Flour Tortillas

Homemade flour tortillas are quick and easy to make. I use my mother in-law’s recipe. She used to make them the traditional Mexican way with lard, but later discovered how tasty they are made with butter. That’s how my husband likes them, and he’s right!

Ingredients: Makes 6 tortillas

1 1/2 cups all purpose white flour

1/2 tsp salt

1/2 tsp baking powder

3 Tb softened butter

1/2 cup warm water

extra flour for rolling out the tortillas

Directions:

Sift flour, salt and baking powder into a medium mixing bowl, stirring well to mix. Add softened butter and water and stir well with a large wooden spoon until dough is shaggy.

Use your hands to shape into a smooth ball, adding more flour if needed. The dough should be soft and elastic, neither sticky nor too dry.

Tear off 6 pieces and roll each one into a golf ball-sized ball, then flatten with the palm of your hand. Gather them together and place a damp clean kitchen towel on top of them. Let them rest for 20 minutes so that the gluten can develop.

Roll each tortilla out until it’s very thin with a floured rolling pin on a floured board. Try to make them into a circle shape by rotating the rolling pin in a different direction each time you roll it.

Heat a dry (unoiled) comal, griddle or large nonstick skillet over medium heat. Place the tortilla in the pan for about a minute, until bubbles form

Flip the tortilla and let it cook about 15 seconds. The bottom should be golden brown.

Flip tortilla to a plate to make your burrito. Or if you’re making a stack, put it in a dishtowel-lined tortilla warmer or plate, covering with the towel after each addition to keep them warm. Eat them warm smeared with butter and rolled up – it’s super good!

I made this breakfast burrito with frijoles pintos and scrambled eggs, topped with green onions, cilantro, tomato and avocado slices and salsa.

Tortillas de maíz hechas a mano – Homemade corn tortillas

Today I am posting my 100th blog entry! I wanted to make it special. I am posting my handmade tortillas because one of my first recipes was I’ve perfected this soup by popping  homemade tortillas into the broth.

I am fortunate to work in the Fruitvale section of East Oakland, near La Finca tortilleria which sells both their own tortillas and the fresh masa (dough). I’ve bought their tortillas for years, because I love to take home a warm package and because they are preservative-free. I recently dug out my tortilla press and began making my own tortillas from their fresh masa. This is stone-ground nixtamal, corn soaked in a lime mixture.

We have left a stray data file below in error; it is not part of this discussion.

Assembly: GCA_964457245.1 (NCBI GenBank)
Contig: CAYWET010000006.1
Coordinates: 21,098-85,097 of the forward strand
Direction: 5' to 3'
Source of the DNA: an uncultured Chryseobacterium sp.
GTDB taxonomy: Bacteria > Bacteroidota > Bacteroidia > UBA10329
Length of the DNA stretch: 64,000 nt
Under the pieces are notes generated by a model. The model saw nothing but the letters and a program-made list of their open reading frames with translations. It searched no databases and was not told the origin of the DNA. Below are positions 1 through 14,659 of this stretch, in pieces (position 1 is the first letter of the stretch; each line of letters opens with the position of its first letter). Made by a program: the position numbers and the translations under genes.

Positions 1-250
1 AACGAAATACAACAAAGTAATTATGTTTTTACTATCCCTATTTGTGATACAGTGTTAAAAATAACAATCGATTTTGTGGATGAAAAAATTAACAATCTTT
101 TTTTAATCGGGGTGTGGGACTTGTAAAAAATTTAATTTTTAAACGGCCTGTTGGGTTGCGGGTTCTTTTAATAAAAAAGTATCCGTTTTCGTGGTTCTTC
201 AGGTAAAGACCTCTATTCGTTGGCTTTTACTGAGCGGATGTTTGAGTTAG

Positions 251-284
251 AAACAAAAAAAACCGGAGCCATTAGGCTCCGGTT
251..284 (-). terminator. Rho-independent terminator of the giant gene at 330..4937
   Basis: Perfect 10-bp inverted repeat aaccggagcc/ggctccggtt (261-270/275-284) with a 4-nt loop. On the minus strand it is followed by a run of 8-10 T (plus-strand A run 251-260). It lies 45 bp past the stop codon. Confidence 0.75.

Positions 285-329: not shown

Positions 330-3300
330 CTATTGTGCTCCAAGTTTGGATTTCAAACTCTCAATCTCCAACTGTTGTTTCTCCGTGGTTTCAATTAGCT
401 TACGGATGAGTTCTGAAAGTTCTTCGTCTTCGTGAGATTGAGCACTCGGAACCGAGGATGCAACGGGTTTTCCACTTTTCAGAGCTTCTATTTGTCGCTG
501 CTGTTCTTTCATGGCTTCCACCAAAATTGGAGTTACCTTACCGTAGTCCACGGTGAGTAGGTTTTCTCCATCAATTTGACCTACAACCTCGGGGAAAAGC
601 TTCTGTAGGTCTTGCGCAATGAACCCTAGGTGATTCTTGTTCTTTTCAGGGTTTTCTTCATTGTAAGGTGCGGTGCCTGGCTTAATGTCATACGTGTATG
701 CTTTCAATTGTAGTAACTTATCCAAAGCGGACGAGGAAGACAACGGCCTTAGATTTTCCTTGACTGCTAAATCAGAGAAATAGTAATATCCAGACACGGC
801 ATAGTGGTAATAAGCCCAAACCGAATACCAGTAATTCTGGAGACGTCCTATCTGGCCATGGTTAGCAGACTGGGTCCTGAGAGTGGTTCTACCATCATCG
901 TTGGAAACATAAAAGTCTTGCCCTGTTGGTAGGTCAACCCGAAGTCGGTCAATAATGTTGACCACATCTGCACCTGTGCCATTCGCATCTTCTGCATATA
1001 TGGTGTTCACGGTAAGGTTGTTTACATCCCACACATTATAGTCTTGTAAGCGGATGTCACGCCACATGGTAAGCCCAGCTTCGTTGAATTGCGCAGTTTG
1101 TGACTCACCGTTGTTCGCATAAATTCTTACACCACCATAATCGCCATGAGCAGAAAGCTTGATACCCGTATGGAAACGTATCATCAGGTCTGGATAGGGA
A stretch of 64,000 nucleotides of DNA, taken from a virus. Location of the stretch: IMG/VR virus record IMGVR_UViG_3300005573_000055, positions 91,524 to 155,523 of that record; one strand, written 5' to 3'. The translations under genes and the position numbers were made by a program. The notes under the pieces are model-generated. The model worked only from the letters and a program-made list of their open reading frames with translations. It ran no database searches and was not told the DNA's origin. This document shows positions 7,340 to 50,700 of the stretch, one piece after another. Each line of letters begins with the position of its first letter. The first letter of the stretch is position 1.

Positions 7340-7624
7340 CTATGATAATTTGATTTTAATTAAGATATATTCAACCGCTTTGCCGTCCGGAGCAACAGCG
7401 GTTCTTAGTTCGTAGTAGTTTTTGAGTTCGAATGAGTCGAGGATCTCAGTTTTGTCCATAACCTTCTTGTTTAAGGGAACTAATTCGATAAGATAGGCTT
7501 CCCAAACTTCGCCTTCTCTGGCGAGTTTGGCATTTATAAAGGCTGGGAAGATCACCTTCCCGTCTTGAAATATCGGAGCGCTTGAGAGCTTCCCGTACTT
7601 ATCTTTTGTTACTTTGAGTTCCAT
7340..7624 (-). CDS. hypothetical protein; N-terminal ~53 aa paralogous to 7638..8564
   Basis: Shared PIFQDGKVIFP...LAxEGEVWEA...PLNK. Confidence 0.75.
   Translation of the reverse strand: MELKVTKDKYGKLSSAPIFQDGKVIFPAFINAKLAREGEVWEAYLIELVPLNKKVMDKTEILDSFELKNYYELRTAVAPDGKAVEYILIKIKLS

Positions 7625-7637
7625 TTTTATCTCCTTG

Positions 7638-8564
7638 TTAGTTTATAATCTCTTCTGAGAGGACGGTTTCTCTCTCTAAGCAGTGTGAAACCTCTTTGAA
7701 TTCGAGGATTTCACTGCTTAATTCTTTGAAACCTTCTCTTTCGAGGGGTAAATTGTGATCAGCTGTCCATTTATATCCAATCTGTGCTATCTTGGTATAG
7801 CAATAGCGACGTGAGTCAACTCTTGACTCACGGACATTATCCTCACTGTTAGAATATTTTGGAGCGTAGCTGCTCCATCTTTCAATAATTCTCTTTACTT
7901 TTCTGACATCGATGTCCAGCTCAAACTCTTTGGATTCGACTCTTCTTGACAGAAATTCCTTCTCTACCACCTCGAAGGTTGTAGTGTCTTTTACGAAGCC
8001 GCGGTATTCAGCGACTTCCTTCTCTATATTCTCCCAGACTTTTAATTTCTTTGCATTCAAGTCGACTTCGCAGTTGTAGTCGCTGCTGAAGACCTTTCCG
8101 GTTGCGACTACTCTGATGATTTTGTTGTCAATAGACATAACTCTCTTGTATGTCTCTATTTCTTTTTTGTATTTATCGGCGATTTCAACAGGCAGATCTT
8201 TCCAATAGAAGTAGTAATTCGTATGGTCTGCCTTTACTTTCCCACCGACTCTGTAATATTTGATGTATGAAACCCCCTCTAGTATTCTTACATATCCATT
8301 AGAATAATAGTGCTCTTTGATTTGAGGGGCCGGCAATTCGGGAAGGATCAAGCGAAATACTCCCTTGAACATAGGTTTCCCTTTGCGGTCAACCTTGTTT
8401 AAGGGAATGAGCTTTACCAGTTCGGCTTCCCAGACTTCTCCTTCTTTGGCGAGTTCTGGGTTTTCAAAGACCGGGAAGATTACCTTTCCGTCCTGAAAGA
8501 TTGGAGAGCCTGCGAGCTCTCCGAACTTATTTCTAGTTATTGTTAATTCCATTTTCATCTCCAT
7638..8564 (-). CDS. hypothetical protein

You can also make decent tortillas from dry masa. Mix 1 cup of the masa to a bit more than 3/4 cup water in a bowl. The dough should not be dry (the balls of dough should not crack) or too wet.

The trick was to make the tortillas not stick to the pan or come out misshapen. The key is to have the comal hot enough and to handle the tortilla carefully so it doesn’t bunch up. My friend and colleague Maria  helped me perfect my tortillas and showed me how to make them puffy by pressing on them lightly after turning.

Here’s the drill: Heat a comal or heavy frying pan. Spread a long piece of plastic wrap over the inside of the tortilla press. Roll a golf-ball size piece of masa into a ball and place it slightly off  the middle towards the back of the bottom press.

Flatten it a little bit with your hand, then close the press and press the handle down. Don’t press so hard that the tortilla is too thin and squishes out beyond the edges. When you open the press, the masa should make a perfect circle.

Carefully peel one piece of the plastic off the tortilla. Holding the loose plastic over your hand, flip the tortilla on your hand.

Then carefully pull off the other side of the plastic. Flip the tortilla back on  your bare hand.

Slide the tortilla on the hot comal so that it lies flat on the comal. I usually can fit about 3 tortillas on my comal.

Heat the tortilla until the sides begin to dry out and start to curl up slightly. (Don’t turn them too soon or they will crumple and stick.)

You should be able to flip them with your hand, although you can use a spatula if you wish. If the comal is hot enough, they won’t stick. Heat the other side for half as long. Both sides should be lightly toasted. Flip it one more time and press your fingertips on them several times.

This somehow makes them puff up, which looks really cool.

Tonight we had tacos de Tinga de Pollo with homemade tortillas.

I love quesadillas with grated or sliced cheese on the puffy tortillas.